Law N°21,000 Establishes The National Financial Market Commission Of Chile
On February 23, 2017, Law N°21,000 (the "Law") was published in the Official Gazette of Chile, creating the Commission for the Financial Market (the "Commission"), a professional body and technical entity that will replace the current Superintendency of Securities and Insurance ("SVS"). The Law will enter into force in August 2018, or at an earlier date if the Commission becomes operational sooner.
The SVS and the local capital markets have long sought the implementation of this Law, due to the need for a regulatory body with an improved corporate government, equivalent to regulators in developed markets, with greater and more effective control and specific administrative sanctioning regimes.
Purpose and scope
The Commission shall aim to ensure the proper functioning, development and stability of the financial market, facilitating the participation of market agents and promoting duly standards. Furthermore, it shall also ensure that regulated persons or entities comply with laws, regulations, statutes and other provisions governing them.
Any institution, person or activity expressly subject to the supervision of the Superintendency of Banks and Financial Institutions is outside the Commission's jurisdiction. Notwithstanding the aforementioned, a one-year deadline has been established for the presentation before the National Congress of a law expanding the Commission's jurisdiction. Likewise, pension fund administrators are not subject to the supervision of the Commission.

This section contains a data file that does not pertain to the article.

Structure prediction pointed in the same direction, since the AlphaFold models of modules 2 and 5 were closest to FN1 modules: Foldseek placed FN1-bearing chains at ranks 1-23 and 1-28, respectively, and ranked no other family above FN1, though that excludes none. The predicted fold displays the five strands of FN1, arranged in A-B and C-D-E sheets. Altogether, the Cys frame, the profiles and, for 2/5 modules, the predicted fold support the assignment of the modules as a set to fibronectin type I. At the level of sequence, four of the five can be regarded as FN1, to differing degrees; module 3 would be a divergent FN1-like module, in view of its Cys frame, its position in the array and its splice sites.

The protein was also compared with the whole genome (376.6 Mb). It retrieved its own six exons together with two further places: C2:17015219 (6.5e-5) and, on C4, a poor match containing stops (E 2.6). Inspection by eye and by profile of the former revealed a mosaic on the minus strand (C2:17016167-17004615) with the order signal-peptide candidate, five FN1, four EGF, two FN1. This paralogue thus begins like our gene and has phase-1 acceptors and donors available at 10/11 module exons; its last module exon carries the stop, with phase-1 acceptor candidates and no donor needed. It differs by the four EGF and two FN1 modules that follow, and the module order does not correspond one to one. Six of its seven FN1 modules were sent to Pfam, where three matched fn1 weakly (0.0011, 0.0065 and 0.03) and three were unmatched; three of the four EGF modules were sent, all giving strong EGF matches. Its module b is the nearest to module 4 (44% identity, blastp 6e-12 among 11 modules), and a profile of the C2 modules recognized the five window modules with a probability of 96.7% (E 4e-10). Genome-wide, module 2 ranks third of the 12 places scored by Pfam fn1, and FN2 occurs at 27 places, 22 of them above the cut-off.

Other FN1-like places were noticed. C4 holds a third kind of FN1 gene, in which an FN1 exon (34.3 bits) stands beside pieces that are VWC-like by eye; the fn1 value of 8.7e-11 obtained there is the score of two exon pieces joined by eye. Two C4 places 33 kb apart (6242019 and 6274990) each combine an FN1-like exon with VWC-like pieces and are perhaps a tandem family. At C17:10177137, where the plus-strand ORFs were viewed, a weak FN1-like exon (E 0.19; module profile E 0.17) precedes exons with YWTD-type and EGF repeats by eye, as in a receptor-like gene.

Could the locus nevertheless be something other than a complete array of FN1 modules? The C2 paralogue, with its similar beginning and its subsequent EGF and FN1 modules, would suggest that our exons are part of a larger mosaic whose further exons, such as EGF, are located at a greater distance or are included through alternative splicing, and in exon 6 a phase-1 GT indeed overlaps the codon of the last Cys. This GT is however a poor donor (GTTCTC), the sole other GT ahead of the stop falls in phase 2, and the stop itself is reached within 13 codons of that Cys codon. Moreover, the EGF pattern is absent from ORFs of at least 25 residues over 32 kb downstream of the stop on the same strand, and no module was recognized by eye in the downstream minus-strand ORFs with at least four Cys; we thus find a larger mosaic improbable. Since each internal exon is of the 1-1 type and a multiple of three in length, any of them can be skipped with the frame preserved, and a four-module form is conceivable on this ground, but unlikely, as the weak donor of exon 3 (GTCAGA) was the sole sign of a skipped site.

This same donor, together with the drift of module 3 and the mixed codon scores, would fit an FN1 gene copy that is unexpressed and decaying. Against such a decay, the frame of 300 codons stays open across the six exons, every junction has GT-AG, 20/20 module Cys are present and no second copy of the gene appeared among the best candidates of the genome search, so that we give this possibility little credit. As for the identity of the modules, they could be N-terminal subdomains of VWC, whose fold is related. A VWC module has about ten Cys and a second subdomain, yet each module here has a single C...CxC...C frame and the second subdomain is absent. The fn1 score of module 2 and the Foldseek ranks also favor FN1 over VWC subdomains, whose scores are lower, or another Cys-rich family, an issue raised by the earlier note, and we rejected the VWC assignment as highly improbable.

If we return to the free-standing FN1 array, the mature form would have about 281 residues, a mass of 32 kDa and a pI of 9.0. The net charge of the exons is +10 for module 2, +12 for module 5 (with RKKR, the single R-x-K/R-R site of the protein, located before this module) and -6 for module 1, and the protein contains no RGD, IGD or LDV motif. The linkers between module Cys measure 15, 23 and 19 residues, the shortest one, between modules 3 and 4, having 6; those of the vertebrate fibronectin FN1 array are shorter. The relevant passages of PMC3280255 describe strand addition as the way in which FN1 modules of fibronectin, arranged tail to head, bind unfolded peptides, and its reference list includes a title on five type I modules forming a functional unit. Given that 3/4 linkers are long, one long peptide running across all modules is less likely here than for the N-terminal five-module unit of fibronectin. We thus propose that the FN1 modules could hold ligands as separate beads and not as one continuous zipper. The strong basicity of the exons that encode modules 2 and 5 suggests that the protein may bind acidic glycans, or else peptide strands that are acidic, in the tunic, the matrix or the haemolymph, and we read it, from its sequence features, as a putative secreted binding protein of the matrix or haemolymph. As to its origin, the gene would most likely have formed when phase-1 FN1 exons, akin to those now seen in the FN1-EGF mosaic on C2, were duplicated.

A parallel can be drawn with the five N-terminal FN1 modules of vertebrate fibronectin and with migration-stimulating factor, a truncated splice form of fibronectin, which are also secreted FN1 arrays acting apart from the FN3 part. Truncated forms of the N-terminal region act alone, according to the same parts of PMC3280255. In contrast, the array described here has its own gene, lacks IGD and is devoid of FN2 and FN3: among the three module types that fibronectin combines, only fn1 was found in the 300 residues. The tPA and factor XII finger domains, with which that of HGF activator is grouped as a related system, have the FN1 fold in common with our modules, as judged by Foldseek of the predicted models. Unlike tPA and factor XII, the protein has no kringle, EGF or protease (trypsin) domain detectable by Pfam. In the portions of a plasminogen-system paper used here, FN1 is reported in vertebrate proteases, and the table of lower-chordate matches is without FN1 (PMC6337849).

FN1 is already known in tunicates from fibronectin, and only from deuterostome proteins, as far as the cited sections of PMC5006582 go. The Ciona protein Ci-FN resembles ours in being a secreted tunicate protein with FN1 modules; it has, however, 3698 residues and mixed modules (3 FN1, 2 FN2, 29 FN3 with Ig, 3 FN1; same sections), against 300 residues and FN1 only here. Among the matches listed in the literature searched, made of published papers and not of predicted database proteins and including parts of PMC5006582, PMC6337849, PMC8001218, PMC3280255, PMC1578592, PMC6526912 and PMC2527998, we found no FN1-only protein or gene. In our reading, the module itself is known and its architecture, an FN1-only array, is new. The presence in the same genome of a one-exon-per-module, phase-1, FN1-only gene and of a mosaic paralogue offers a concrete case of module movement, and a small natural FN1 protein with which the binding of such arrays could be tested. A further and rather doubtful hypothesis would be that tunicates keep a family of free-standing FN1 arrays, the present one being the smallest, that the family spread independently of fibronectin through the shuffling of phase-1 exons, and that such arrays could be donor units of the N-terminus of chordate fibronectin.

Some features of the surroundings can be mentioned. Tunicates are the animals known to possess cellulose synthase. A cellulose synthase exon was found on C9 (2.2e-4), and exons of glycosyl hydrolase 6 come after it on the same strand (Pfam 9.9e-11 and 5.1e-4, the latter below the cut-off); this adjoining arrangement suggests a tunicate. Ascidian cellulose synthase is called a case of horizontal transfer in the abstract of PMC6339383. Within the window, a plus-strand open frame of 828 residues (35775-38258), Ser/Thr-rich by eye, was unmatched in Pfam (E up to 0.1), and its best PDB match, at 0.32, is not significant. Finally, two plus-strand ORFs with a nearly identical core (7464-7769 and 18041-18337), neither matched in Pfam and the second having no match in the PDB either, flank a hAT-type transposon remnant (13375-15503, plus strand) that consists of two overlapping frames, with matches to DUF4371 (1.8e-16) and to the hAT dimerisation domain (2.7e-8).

In order to fulfill its objective, the Commission will maintain the powers already vested in the SVS (e.g. to issue rules, to interpret applicable law on administrative grounds, to investigate complaints or claims, to examine all operations, assets, books, accounts, archives and documents of persons, entities or activities under its supervision, among other faculties).
However, important new attributions are added to the Commission, such as requiring information on banking operations of specific persons, even those subject to secrecy or confidentiality; gaining access to private properties and, if necessary, entering by force with the help of law enforcement officers; registering and seizing all kinds of objects and documents; intercepting all kinds of communications (and obtaining from telecommunication companies copies and records of communications transmitted or received by them), and ordering other public agencies to provide background information, even when...
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